KM’s pre-match Mayfield pitch anxieties were exacerbated further when, on arrival at the Hazelwood Recreation ground, he spotted several earth-covered mounds just beyond the boundary edge. Some sort of north London ritual burial mound to the good men and children felled by blows to the head on the Mayfield square in 2014? In at six, he took some time getting going but, once settled, accelerated his scoring rate with a series of drives, including a six over mid-off off Irish Trinidadian Karl Cullen, his first maximum in any form of cricket, including gardens and corridors. A half-century stand with Tambyrajah saw Pacific reach a respectable 150 and Kieran his second 50 in cricket.
Paul’s was an important innings on Sunday, if not numerically noteworthy. Stabilising the innings with Mullens after a middle order mini collapse, Paul showed a willingness to play the percentages, edging our score upwards. He’s got a good eye and will make runs in the future. Captured a deserved first wicket of the season. Upwards…
Paul clearly has an instinct for a quality dish, as he’d investigated a foil-covered platter of Jerk chicken long before the sight of the chargrilled, caramelized savoury platter had Pacific’s ten salivating. After the match, Paul was to be found in the Mayfield clubhouse chatting to Mr Ramdanie aboot de herb and de spice. (that’s supposed to be patoisish rather than Irish). Pure poultry in motion for interclub relations.
Legendary Jamaican ‘jerkmaster’ James shows us how it’s done: overnight marinade, pimento leaves, red stripe and pimento wood.
Our ballsmith bowled a straight nine over spell at less than three runs over. In the early stages of his Pacific career Smithy looks to have the skills to take plenty of wickets for the club. Nuggetlike in his lines and lengths, Phil deserved several wickets. He is building it…they will come.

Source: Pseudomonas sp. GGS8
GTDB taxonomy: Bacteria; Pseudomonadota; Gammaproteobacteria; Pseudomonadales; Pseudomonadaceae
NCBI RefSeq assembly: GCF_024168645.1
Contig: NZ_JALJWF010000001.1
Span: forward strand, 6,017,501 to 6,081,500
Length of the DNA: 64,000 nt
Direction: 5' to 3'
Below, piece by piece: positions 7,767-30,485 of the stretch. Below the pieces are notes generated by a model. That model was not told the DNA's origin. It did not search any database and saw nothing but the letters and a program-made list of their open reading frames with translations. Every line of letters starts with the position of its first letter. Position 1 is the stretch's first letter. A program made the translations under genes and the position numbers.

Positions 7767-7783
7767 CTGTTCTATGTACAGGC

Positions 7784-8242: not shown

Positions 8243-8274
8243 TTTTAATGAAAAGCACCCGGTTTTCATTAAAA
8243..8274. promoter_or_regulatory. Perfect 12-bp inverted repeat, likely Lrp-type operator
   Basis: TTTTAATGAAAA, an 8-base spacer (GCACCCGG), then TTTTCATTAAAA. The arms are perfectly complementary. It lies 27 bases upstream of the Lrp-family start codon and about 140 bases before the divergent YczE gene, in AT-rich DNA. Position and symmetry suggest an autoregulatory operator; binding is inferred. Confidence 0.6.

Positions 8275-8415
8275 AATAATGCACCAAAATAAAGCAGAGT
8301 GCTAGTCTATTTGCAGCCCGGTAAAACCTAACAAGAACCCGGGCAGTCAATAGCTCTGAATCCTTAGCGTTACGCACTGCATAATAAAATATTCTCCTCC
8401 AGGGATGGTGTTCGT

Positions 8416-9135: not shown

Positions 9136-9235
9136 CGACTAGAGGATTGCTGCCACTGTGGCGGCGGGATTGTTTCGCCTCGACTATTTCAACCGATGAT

One of Tamby’s finest days in Pacific colours. Skill and granite determination while batting his bowling is always a graceful stroll to the wicket, an elegant loop, an airy counterpoint to the stodgy frozen quiches served up on teatables across the land. Tony’s four over spell was the finest spell I’ve ever seen him bowl and perhaps he should have had more right arm over time. Straight away he picked the lock of J Patel, who’d proved infuriatingly difficult to prise out. The ominously large S Patel, and captain and well-set skipper Starck, tried to force the pace, but were continuously perplexed by TT.
Ahmed’s first change introduction was testament to Nugget’s intelligent captaincy, rotating the bowlers regularly and asking the batsmen, in the parlance of commentaryspeak, difficult questions. Ahmed fully justified his selection, bowling Gunasinghe round his legs with a full and straight’un. This was one of Ahmed’s most controlled firs t2 or 3 over spell we’ve seen and another wicket takes him into third place in the 2014 wicket column, alongside Giaco on 12.